The prefect of Ancyra could feel how the political winds were blowing with Decius at the helm of the empire. So, the prefect decided to command all Christians to come forward and make sacrifice to the Roman gods and idols or be tortured and killed. The way the prefect saw it the Christians didn't have to give up their beliefs--they just had to demonstrate that their higher allegiance was to the Roman empire and its values. What the prefect, and so many other imperial leaders, failed to realize was that the Christians could not simultaneously put anything higher than their devotion to Jesus and still call themselves Christians. To slip--even "in word only"--and place something higher than Jesus was to deny their Faith. That was the kind of saving faith they had learned: complete trust in a complete redemption. So, it came as some surprise to the powerful, then, when Christians refused the offer that Rome had deemed reasonable. The non-Christians soon learned, however, that they could accuse their Christian neighbors before Rome and then profit by taking the possessions and valuables of the seized and martyred Christians. As the number of martyrdoms increased daily, Theodotus--a local innkeeper--began doing the unheard of: he began taking the bodies of the martyrs and giving them a Christian burial. He didn't do it because they "needed it" for some special reason but simply because they deserved it. He would try to take them from the site of execution but often had to bribe the guards to be able to take them. Since he was a prosperous innkeeper this was not especially difficult at first but as the number of bodies rose, his funds dwindled further and further.
Eventually, Rome shut down the building where the Christians met. By forbidding entrance to anyone, those drunk with imperial lies masquerading as power thought they were closing the Church! In reality, they were only moving it and so for some time it met in the inn that Theodotus owned and operated. This increased his visibility to the empire and likely shortened his days. When he realized this he let the priest know that soon he expected to join the martyrs because he didn't suspect that the empire would continue to overlook his presence and his activities. Soon after Theodotus' conversation with the priest, seven women were arrested for being Christian. These women had committed themsevles to celibacy and a life of singleness so that they might focus on seeking the will of God and taking care of the poor and sick. The rulers whose minds had been warped by the twisted values of the empire and the world felt that these women should be raped and then murdered as punishment for their convictions and values. The youths who were given the charge of raping the seven women refused when they met the women and one of them had gray hair--perhaps they couldn't get past the idea of raping a woman who could be their mother and in shock their twisted values had been exposed to them. So, the prefect ordered heavy stones tied to their legs and each of them was dropped into the lake to drown.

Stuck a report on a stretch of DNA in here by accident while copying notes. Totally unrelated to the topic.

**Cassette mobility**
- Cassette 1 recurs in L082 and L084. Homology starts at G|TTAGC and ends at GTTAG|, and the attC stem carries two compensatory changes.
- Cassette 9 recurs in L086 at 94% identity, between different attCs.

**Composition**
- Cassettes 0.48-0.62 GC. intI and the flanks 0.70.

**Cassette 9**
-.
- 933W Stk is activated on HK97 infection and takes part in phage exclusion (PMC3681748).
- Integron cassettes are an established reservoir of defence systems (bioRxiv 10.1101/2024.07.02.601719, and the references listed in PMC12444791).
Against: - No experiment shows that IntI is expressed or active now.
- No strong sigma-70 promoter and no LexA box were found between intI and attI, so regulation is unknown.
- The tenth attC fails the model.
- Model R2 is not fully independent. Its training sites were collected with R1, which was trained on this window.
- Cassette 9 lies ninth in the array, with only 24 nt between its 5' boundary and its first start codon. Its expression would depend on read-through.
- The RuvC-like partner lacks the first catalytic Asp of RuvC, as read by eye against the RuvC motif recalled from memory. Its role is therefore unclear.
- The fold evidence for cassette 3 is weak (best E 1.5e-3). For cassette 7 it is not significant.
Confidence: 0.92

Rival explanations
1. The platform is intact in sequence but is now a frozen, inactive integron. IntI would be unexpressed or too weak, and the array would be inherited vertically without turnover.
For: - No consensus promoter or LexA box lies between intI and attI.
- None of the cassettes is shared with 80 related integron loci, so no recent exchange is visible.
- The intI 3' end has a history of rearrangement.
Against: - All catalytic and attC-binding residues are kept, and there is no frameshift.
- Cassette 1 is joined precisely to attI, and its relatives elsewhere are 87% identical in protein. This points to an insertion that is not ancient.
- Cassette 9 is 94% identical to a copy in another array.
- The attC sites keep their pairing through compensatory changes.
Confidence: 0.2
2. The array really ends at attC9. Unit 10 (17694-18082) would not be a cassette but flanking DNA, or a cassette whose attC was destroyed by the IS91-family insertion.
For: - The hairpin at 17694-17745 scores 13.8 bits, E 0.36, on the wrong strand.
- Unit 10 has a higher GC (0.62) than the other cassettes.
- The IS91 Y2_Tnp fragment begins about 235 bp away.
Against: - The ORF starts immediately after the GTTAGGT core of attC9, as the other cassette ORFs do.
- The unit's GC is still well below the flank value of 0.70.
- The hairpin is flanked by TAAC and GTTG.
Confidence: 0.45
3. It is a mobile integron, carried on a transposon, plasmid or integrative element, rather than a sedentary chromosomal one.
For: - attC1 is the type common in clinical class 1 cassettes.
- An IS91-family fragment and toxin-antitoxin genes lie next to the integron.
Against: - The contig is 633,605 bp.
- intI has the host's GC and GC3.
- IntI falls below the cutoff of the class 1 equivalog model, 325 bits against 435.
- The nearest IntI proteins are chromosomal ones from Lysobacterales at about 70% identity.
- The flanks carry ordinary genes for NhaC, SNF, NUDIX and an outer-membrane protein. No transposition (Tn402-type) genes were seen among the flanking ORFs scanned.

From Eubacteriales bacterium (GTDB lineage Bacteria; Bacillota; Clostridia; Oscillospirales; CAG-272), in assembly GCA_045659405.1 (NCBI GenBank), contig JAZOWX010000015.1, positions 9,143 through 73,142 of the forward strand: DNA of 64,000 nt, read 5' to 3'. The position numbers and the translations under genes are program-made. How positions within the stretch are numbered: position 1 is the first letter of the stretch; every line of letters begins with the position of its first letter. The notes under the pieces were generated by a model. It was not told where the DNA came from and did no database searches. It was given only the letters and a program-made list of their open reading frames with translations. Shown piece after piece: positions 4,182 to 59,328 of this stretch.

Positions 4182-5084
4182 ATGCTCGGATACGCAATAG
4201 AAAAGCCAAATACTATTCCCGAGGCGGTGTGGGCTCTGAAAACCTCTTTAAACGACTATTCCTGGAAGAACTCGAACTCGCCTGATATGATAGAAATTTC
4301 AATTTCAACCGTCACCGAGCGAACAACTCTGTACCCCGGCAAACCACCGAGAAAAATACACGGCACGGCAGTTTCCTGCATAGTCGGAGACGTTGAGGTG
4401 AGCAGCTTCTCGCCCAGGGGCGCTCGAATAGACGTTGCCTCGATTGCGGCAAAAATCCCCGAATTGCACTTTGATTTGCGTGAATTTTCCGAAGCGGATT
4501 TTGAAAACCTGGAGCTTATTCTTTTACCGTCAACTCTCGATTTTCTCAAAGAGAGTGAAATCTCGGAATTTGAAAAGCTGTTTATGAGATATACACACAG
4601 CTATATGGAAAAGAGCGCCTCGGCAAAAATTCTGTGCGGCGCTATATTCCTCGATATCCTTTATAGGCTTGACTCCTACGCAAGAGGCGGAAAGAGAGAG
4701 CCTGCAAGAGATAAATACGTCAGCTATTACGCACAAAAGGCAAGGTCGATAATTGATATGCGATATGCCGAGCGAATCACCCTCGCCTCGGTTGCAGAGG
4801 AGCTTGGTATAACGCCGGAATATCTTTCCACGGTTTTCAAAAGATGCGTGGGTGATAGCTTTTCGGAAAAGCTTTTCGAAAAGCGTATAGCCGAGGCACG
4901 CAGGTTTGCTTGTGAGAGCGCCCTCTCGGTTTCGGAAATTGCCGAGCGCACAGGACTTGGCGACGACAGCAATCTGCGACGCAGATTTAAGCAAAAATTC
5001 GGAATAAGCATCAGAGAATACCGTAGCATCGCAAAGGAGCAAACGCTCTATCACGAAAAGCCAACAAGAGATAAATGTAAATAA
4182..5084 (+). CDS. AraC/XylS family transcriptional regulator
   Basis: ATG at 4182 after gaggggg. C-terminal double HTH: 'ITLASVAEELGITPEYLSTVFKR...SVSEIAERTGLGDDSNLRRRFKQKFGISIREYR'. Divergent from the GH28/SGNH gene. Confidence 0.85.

That night a guard was posted at the shore because the bodies of the Christians had been missing far too often and if they were receiving burials then Rome's powers to frighten and terrify were weakened. The eldest of the women appeared to Theodotus in a dream and so the following night he went with a dear friend--Polychronius--to the lake to rescue the bodies of all seven women. As they approached in prayer, the guard received a vision of a Christian martyr commanding him to leave. In fear, he abandoned his post and Theodotus and Polychronius were able to do the hard work of releasing the bodies from their submerged prison. They took the bodies back and buried them but their actions were found out the next day when the seven women no longer rotted in the lake. Polychronius and Theodotus were arrested and tortured. Under torture, Polychronius broke and told his accusers that it had all been Theodotus' idea. Polychronius was set free after he made the sacrifice of his own faith--sacrificing that of inestimable value for a cheap trinket--but Theodotus was condemned to death. He was martyred and his body joined those of the other martyrs who were rescued from desecration not because they "needed it" by any means but because they deserved it.